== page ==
Fashion retailers and analysts gave a mixed reaction to the possible revival of Marks & Spencer under new control or ownership, and the likelihood of tougher competition.
Broker Investec noted: 'Based upon the likelihood of trading the estate more aggressively, especially in younger fashion areas, there could be some trading risk to Next, Matalan and Mothercare - all of which have similar product categories and customer mix.' No comment was available from the trio.
Zara managing director Mike Shearwood believed a revival at M&S would boost business. 'A lot of people have been shopping out of town. If M&S were to be revived, it would help bring people onto the high street.'
East managing director Jonathan Keating disagreed: 'I don't think it's going to bring more people onto the high street. It (M&S) is struggling because it's hard to sell designer-led garments with an M&S label on it. They have got a real problem to do with the brand.'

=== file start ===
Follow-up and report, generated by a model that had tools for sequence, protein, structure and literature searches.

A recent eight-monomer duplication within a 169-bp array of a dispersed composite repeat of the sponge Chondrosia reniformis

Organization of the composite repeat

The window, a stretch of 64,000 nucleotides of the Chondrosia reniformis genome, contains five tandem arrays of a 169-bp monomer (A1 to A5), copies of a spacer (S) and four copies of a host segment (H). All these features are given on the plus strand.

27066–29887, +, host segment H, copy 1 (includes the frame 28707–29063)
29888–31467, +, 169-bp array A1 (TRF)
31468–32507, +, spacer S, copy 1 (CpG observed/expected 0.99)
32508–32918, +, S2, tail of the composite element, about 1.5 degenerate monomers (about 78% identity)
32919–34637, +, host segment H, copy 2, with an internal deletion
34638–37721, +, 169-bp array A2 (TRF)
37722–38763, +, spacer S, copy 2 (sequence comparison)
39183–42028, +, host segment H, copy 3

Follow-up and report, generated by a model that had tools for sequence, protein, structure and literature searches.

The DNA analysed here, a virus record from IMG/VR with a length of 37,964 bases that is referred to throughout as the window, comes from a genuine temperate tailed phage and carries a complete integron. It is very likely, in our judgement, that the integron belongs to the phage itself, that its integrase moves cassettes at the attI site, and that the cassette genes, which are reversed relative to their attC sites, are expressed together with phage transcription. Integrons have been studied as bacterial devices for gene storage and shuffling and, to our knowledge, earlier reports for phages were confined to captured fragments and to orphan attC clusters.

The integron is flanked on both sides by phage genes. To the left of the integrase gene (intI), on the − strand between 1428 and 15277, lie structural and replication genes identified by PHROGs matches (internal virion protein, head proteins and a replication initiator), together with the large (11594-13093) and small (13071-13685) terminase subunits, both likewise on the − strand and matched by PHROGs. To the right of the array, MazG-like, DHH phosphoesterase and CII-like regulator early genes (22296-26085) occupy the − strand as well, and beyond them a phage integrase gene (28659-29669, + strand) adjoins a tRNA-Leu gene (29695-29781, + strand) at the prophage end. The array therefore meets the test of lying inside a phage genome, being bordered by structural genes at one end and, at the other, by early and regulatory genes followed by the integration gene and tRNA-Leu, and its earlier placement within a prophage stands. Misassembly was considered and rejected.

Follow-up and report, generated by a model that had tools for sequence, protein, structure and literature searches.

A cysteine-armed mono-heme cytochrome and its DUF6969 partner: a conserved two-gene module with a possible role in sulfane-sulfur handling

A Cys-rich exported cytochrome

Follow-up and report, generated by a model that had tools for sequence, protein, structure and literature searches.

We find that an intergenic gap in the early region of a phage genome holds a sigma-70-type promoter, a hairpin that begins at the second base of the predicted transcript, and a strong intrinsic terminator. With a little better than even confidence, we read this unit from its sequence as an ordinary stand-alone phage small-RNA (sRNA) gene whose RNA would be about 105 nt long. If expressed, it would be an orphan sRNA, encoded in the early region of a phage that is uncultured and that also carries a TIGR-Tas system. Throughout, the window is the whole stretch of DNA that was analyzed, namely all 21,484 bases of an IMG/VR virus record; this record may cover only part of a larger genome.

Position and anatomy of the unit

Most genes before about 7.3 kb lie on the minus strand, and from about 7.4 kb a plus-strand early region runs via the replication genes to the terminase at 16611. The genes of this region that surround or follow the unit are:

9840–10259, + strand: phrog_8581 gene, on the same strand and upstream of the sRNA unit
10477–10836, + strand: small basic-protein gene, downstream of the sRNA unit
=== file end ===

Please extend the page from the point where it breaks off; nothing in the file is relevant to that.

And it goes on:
Former Moss Bros chief executive Adrian Wright said that whatever the outcome of Philip Green's bid, M&S is poised for recovery.
He said: 'For the industry, a strong M&S is good. It's good for the customer because competitors will have to sharpen up their act. It's bad news for UK manufacturers because M&S will certainly move all production overseas.'